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Qu-Bit Electronix Chord

Eurorack Module
Published February 2017
By Jyoti Mishra

Qu-Bit ChordEurorack Module

The Qu-Bit Chord promises what can sometimes be tedious to set up within a modular: easy polyphony. Contained within its modest, skiff-friendly, 28HP Eurorack frame is a four-voice oscillator. Each voice is present at a dedicated output and also at a summed socket (all mono). These outputs are at the top right of the module and are musically labelled; root, 3rd, 5th, 7th and mix. Immediately below the mix output is the V/oct input that provides the Chord with a root note from which to calculate the harmonies it generates.

The module provides no shaping of the sound beyond waveform choice — there are zero envelopes or filters present. Instead, you feed the four outputs to, for example, four low-pass gates and then let these handle the actual time-variant timbre manipulation.

The waveform selector morphs between sine, triangle, ramp and square wave. Where other oscillators present you with three or four choices accessible through a stepped rotary, this continuous, stepless knob means one can dial in very subtle changes in timbre. Handily, this control is CV-addressable via a socket below the chunky knob.

Next to the waveform selector, we are presented with the voicing control. This controls the spread of notes produced by the module; how clumped together or spread out they are. At its minimum travel, a C maj 7 chord would be voiced C, E, G, B, with the notes as one would play the root inversion on a keyboard. Drop 2 voicing would drop the G down an octave, Drop 3 would drop the E down an octave. The last option, Spread, would drop the root C down an octave whilst shifting the B up an octave. All of this complexity is tweakable via the knob or CV.

The inversion selector is much easier to understand than the voicing. The knob here simply selects which inversion of the chord is played, from root to 3rd. The designers have, again, blessed us with CV control.

The final knob in this line is labelled ‘quality’, which actually translates as ‘chord type.’ In its starting position, this generates a maj 7. So, if one fed the shiny beastie a C control voltage, it would generate a C maj 7 chord, outputting C, E, G and B from the individual sockets and the whole shebang from the mix. Feed it an F... hey presto: F, A, C, E. (Bear in mind that the note order here is also governed by the inversion knob; these are all root inversion chords.)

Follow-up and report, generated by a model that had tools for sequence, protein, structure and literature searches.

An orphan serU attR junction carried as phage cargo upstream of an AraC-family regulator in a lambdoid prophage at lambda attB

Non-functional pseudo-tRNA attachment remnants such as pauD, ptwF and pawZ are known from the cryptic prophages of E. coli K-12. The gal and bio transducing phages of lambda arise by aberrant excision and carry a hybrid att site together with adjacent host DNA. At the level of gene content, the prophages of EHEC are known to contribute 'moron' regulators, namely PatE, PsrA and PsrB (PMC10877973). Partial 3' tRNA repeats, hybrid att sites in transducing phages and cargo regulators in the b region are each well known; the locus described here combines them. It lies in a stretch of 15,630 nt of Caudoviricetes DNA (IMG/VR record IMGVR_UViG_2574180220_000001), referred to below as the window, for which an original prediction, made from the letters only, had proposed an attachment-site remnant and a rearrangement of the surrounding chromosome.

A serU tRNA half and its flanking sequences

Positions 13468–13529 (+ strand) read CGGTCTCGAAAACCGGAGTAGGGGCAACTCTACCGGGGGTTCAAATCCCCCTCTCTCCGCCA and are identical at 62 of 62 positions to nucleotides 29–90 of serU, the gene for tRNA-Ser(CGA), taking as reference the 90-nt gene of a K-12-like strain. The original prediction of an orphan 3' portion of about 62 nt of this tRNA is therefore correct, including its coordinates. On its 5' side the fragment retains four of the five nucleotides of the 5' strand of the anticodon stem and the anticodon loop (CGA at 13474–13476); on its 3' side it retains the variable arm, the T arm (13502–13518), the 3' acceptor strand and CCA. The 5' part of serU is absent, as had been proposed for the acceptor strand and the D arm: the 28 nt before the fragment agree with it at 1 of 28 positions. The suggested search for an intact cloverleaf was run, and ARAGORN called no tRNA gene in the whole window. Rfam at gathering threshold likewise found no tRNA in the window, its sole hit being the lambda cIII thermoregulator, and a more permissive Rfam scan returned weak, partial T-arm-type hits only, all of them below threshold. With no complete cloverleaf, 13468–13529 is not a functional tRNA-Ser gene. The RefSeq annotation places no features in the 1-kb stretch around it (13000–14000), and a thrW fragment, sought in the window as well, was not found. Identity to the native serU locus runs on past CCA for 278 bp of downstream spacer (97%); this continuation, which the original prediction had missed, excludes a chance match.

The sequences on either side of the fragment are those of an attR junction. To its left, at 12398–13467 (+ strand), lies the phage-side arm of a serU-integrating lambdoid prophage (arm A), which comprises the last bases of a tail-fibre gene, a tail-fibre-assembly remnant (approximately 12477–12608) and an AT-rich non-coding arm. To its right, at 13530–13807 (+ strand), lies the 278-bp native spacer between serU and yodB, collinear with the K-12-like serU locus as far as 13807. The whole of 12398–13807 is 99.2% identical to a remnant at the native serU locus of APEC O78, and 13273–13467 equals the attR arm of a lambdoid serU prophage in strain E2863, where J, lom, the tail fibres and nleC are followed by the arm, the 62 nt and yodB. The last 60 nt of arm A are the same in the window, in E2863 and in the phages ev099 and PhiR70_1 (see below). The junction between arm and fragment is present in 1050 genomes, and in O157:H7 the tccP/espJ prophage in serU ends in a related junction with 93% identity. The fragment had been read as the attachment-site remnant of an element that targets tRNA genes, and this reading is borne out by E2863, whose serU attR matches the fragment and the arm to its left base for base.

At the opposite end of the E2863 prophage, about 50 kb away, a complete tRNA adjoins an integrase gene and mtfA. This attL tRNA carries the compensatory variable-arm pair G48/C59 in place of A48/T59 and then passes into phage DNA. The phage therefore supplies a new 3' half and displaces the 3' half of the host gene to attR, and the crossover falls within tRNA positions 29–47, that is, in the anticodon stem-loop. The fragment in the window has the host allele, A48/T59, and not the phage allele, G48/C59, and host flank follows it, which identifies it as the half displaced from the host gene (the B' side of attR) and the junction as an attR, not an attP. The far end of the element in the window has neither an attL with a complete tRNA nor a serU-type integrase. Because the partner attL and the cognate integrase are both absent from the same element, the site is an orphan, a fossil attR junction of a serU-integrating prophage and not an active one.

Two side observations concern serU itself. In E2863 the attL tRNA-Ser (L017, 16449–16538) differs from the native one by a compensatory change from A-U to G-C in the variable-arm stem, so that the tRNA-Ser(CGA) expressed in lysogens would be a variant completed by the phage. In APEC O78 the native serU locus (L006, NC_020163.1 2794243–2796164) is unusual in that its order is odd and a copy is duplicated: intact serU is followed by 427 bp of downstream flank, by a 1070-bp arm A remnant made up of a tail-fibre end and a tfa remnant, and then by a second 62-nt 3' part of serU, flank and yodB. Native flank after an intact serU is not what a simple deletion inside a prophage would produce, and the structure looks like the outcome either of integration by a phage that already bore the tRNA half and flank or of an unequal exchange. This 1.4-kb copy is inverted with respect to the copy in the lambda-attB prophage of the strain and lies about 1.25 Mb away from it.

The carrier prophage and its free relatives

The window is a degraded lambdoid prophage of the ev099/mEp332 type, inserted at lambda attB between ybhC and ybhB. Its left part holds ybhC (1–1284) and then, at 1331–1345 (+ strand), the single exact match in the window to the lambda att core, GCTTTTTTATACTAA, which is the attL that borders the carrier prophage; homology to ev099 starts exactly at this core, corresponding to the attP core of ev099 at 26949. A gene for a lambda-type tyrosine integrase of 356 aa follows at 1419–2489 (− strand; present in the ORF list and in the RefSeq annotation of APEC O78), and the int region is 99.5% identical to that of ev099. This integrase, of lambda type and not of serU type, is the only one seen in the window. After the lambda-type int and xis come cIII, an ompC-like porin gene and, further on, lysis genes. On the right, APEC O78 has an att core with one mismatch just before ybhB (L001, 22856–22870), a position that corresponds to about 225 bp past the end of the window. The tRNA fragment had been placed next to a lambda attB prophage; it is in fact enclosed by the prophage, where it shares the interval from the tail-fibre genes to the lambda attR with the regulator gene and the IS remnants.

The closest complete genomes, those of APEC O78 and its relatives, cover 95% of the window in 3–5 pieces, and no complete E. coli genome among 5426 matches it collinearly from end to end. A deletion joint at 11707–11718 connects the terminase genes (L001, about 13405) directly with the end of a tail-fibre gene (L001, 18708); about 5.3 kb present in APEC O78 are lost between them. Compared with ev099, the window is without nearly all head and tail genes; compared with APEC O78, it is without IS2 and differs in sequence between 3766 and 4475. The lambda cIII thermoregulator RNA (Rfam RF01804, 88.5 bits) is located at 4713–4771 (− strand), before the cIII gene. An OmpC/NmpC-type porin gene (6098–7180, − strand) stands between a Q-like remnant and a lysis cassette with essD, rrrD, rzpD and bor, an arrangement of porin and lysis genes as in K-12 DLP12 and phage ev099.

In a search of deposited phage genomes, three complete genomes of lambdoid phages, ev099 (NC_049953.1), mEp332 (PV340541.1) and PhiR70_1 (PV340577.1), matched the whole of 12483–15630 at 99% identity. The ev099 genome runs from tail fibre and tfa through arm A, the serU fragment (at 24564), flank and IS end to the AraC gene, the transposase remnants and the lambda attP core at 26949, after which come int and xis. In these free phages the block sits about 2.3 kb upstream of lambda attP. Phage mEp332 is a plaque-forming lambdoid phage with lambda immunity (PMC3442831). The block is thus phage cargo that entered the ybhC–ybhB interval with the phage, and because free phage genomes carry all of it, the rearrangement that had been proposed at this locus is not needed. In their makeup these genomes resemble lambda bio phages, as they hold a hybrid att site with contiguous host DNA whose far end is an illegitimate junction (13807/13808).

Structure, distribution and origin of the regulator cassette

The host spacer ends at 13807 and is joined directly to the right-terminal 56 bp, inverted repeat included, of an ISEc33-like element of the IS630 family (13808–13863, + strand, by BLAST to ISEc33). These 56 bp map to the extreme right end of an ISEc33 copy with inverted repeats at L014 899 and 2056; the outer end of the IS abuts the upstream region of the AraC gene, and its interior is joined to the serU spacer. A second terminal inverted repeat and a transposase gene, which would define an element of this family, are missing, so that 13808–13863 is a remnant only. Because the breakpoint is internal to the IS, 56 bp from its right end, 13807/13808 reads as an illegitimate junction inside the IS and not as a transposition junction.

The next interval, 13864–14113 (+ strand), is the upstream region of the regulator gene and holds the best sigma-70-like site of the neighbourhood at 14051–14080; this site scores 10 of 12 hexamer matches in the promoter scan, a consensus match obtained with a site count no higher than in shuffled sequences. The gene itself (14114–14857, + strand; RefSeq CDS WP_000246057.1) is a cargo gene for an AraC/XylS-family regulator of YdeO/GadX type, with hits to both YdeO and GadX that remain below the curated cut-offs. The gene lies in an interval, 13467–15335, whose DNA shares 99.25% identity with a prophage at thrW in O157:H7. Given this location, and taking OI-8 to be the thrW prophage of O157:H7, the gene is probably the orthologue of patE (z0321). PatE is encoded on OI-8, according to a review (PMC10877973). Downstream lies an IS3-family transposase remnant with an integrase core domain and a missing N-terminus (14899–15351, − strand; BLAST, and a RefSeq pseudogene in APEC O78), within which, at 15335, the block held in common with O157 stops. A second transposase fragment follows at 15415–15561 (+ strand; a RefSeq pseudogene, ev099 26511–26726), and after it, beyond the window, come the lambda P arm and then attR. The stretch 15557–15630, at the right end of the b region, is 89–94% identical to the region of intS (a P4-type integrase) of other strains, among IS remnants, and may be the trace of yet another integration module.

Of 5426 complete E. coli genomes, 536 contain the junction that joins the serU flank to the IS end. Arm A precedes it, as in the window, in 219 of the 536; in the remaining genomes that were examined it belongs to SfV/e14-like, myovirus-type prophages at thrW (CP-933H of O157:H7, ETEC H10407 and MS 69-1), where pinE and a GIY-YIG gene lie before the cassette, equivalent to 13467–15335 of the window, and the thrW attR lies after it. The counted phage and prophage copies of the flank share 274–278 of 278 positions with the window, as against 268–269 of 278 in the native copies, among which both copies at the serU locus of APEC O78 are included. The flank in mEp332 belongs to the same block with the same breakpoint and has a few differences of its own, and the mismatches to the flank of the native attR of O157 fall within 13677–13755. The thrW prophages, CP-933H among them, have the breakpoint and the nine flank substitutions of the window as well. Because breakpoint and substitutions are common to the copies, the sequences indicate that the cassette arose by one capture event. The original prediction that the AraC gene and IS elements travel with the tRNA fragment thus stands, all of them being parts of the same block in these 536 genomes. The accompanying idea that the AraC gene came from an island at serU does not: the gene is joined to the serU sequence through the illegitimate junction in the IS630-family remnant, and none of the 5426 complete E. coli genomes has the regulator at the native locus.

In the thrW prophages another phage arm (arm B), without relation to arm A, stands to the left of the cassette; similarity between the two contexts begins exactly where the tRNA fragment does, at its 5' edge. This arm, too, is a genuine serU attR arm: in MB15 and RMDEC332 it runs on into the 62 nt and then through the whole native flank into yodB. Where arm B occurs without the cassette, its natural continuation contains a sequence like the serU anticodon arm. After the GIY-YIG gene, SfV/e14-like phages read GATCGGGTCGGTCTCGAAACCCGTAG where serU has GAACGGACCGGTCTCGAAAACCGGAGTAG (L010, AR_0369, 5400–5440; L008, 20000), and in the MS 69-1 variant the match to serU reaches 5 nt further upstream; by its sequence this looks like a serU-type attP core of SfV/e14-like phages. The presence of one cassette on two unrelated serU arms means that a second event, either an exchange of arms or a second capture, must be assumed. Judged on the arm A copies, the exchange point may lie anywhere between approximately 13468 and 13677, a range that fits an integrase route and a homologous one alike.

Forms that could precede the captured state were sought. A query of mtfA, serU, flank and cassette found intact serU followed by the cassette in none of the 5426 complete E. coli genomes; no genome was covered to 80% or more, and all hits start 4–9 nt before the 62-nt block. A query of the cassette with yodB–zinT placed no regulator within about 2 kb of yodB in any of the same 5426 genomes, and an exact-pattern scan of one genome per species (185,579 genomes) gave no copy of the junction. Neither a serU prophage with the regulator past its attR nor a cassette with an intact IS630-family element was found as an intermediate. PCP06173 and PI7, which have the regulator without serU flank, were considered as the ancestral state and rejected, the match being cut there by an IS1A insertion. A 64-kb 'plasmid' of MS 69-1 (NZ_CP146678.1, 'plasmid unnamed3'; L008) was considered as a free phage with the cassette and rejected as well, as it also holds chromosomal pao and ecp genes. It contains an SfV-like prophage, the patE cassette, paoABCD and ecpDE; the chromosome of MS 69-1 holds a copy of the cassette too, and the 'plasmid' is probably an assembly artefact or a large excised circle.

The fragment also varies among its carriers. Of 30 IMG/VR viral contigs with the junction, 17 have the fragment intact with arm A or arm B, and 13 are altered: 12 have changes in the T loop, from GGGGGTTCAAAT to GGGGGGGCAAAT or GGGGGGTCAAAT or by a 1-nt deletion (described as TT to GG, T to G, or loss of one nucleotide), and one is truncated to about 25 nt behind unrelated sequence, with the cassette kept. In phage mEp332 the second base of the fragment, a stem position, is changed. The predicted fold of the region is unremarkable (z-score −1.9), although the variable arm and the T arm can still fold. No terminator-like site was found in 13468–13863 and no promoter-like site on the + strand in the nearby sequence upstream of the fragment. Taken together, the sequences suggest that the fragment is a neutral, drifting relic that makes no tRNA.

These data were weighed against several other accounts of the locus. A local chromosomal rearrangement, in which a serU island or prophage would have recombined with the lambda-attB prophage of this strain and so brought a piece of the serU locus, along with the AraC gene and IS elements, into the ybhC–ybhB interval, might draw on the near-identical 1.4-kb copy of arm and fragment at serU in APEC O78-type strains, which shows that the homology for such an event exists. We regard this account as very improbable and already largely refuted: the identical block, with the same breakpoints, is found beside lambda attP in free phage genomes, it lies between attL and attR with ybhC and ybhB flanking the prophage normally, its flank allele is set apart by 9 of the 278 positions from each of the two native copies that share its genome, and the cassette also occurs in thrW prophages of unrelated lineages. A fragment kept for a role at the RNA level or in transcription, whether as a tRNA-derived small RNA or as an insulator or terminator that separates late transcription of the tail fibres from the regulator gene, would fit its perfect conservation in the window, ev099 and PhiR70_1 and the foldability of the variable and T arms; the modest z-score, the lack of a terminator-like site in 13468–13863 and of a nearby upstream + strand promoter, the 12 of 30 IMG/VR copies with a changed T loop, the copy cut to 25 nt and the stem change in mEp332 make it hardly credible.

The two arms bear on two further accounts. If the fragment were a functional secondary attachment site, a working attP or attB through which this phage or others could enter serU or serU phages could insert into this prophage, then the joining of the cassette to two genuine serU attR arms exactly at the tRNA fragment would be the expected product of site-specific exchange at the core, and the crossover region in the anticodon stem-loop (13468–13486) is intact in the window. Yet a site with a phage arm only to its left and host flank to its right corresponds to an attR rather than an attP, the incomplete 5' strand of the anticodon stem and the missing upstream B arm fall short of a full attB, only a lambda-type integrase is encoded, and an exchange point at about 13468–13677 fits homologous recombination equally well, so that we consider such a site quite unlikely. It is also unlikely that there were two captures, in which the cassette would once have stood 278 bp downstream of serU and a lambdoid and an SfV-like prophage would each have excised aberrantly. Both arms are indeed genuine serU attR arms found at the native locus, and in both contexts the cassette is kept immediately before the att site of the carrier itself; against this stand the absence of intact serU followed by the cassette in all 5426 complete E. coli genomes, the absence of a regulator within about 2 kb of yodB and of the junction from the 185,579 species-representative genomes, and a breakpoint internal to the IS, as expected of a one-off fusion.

Move the knob up a teeny bit and you get a min 7, which would be C, Eb, G, Bb (if the root note was a C). Turn it higher and dom 7 and diminished chords are there, jazzing away. But if this is all getting a bit too chordal theory for you, don’t worry. Qu-Bit have a little button just above the quality selector labelled ‘triad’ which kicks that funky 7th out of the mix output so you can have your basic, rocking three-note chords. Next to this is a harmonise button which will “automatically harmonise diatonic and modal interchange chords of the major scale based on the voltage present at V/oct.” Basically, it treats the input as a bass note and attempts to intelligently harmonise around it instead of merely stepping up each interval uniformly. Where it starts is also based on the biggest control on the unit, the coarse pitch knob, which is both confusingly label-less and bereft of CV socket. Finally, next to that is a knob labelled ‘fine’ which woefully didn’t automagically make me more attractive, but did enable me to fine tune the unit to sing with my other oscillators.

As with a great deal of modular gear, what at first seems simple leads one down a path into inevitable shrieking, jazz-odyssey lunacy. At first, I threw the outputs of the Chord to four LPGs, triggered from a Turing Machine. Wow. Even using basic triads following a bass line sequence, the result was complex, being not-chords and not-arpeggios. The Chord is beautifully quick and responsive to work with, reminding me more of an analogue musical instrument than an electronic processor. Then I threw the 7th back in... Woah! And THEN...

Once you start controlling the chord type, voicing, spread and waveform by CV, you realise that what at first seemed like a little bit of a cheating module (‘Chords! In a box!’) is anything but that. The Chord can deliver ambient, evolving landscapes that drift in musically pleasing and harmonious ways, taking tens of minutes to change. It can also bleat like a broken modem singing deathcore Sinatra. It’s up to you. It is a preternaturally flexible module that does not let its inherent musicality prevent it delivering utter madness.

I only have a few niggles with it. Firstly, I would love the individual intervals to be removed from the sum output when plugged in, like on an 808. If that could be on a jumper or, even better, a front panel switch, great. Secondly, I love that the quality (chord type) control is CV-addressable, but I would prefer that the actual knob be stepped. If I’m playing live, I think I would prefer the certainly of clicking into major or minor versus having to squint. Or how about just one switch that does that, for an instant middle moody bit? Lastly, if one could choose different tunings/scales for the intervals produced, whole new worlds of harmony would open. I dream of a Chord throwing out Arabic or Pelog harmonies.

But those are minor criticisms against a major piece of gear that I’m sure will earn its place in many a modular setup. If you’re looking to add polyphony to your modular, just give the Chord a triad.

Published February 2017